The concept of a ‘Data Protection Officer’ (“DPO”) for organizations processing personal data has been alive and well for many years – already a mandatory requirement in some countries and best practice in others.
However, for the first time, the appointment of a DPO will be mandatory under the General Data Protection Regulation (“GDPR”) for many organizations regardless of their size or whether they are processing personal data in their capacity as a controller or a processor. But before you all rush out to recruit a DPO – stop, breathe and read this blog – you may be panicking unnecessarily.
Under the GDPR, there are three main scenarios where the appointment of a DPO by a controller or processor is mandatory:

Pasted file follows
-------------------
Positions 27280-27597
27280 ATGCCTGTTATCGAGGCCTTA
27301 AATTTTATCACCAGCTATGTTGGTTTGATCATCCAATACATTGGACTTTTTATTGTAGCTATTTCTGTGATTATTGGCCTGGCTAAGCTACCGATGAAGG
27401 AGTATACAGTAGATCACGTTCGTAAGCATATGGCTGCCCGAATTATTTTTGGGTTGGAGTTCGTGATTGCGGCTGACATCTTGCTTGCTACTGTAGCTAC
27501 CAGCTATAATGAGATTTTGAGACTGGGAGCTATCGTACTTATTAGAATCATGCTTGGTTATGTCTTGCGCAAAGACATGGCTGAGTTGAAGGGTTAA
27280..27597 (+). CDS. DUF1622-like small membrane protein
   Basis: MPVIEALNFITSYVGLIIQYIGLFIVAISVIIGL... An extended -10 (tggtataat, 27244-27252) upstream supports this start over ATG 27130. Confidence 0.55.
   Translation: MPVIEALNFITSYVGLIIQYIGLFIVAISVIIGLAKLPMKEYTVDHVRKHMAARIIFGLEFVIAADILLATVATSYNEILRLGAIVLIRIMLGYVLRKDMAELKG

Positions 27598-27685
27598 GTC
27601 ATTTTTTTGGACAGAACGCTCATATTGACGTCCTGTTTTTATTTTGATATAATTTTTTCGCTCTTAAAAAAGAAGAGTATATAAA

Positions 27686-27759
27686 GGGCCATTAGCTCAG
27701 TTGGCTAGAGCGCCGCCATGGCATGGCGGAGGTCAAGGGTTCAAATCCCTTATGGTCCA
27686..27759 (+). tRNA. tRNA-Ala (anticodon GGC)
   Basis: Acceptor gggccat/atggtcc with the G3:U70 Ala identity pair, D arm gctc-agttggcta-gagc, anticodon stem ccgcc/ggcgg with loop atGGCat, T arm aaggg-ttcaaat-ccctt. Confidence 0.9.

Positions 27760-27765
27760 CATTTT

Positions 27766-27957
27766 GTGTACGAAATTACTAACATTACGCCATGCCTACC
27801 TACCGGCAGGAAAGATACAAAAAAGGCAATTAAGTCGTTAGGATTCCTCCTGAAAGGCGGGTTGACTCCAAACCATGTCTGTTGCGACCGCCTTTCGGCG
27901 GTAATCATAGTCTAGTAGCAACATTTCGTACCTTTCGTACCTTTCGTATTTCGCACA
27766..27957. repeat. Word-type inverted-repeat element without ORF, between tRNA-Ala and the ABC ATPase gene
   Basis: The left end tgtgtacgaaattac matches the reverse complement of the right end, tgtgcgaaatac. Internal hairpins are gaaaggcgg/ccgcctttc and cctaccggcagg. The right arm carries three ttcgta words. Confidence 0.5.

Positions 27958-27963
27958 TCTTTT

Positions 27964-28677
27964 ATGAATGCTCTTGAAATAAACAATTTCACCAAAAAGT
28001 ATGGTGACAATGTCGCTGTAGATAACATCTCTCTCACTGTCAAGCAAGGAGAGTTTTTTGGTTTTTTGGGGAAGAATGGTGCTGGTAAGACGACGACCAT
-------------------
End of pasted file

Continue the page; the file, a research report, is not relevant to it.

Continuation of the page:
The processing is carried out by a public authority;
The core activities of the controller or processor consist of processing operations which require regular and systematic processing of data subjects on a large scale; or
The core activities of the controller or processor consist of processing on a large scale of sensitive data or data relating to criminal convictions/ offenses.